Like the weather, everyone in the AEC industry is talking about using BIM models for operations and maintenance, but no one—well, almost no one—is doing anything about it.
That’s because there’s a fundamental difference between how architects, engineers, and contractors think about BIM modeling and how facilities directors view it.
Architects love BIM for its “parametric” capability, which allows them to play around with a structure under design in three (or more) dimensions, in real time.
MEP engineers also love BIM for its design capabilities, especially in detecting clashes between all the convoluted tangles of pipes and wires that they create.
Contractors love BIM because they can plug the model into project management software and use it to have thousands of individual building elements (like trusses and girders), all individually designed by the structural engineers and tagged with RFID or QR labels, delivered to the job site just in time for their crews to set them in place like so many giant LEGOs.
That’s all well and good for the AEC side of things. But what do facilities people think of BIM?
Frankly, most of them could care less, at least about the model itself. Facilities directors have no interest in becoming BIM experts. What they want is a simple, easy-to-use way to get at the data that’s captured in the BIM model to run their buildings more effectively.
Which brings us to recent BIM-related developments at the renowned Corcoran Gallery of Art, in Washington, D.C.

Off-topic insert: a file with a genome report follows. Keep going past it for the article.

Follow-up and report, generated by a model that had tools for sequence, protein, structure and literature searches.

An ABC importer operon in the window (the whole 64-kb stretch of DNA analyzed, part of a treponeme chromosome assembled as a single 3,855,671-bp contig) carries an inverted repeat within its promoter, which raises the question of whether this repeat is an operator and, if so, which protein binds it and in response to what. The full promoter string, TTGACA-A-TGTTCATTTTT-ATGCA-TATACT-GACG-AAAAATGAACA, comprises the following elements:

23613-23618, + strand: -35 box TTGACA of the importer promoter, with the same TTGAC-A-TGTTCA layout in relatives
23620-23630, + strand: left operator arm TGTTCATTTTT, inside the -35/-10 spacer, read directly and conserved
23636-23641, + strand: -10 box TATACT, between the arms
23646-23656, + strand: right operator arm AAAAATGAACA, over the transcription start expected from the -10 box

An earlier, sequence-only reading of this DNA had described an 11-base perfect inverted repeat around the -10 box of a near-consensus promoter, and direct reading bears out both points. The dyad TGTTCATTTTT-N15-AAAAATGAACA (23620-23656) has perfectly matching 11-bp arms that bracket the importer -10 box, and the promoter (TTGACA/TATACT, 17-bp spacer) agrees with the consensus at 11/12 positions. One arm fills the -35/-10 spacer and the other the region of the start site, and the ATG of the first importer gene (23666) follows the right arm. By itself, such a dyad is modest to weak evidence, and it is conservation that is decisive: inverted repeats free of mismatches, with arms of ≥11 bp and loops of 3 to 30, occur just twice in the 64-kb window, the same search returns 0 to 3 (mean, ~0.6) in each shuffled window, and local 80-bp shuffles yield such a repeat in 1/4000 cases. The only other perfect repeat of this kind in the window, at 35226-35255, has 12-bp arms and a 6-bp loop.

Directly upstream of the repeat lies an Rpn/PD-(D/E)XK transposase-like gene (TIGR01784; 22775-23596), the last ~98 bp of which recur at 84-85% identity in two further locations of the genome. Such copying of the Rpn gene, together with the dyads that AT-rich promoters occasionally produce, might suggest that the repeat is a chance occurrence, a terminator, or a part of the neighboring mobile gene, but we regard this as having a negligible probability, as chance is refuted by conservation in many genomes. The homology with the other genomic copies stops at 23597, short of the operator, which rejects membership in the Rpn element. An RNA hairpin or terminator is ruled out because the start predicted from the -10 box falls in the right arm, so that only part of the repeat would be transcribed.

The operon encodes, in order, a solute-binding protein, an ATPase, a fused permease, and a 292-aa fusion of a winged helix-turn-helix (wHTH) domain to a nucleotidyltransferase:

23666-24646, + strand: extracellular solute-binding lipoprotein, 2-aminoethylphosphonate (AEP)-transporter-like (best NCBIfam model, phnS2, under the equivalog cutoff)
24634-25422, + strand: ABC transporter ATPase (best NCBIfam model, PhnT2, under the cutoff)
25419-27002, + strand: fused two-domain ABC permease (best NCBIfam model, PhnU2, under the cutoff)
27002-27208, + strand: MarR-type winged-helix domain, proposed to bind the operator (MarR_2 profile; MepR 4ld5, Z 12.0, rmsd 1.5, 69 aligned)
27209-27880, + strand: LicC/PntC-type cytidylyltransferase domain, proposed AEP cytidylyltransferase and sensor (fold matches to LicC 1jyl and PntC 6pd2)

COMBINING ART AND EDUCATION
The Corcoran, founded in 1869 by William Wilson Corcoran, opened its doors in 1874. Four years later, the Corcoran School of Art was established. The original building, at 1661 Pennsylvania Avenue, NW, was designed by James Renwick (it is now the Smithsonian’s Renwick Gallery). In 1897, the gallery and school settled in a new Beaux Arts structure designed by Ernest Flagg, at 500 17th Street, NW.
As the oldest private art museum in Washington, the Corcoran held a place of honor in the city’s arts scene for more than a century. In the late 1980s, however, things started to unravel. In 1989, management was forced to cancel a Robert Mapplethorpe retrospective when it was learned that the exhibit, which had funding from the National Endowment for the Arts, would show homoerotic photographs.
In 2005, the Corcoran had to cancel plans for an addition by Frank Gehry when it couldn’t raise the $200 million for the project. Five years later, the museum ended its year $4 million in debt. By 2011, gallery attendance plummeted to a seven-year low (85,000), and the Corcoran was $7.2 million in debt.
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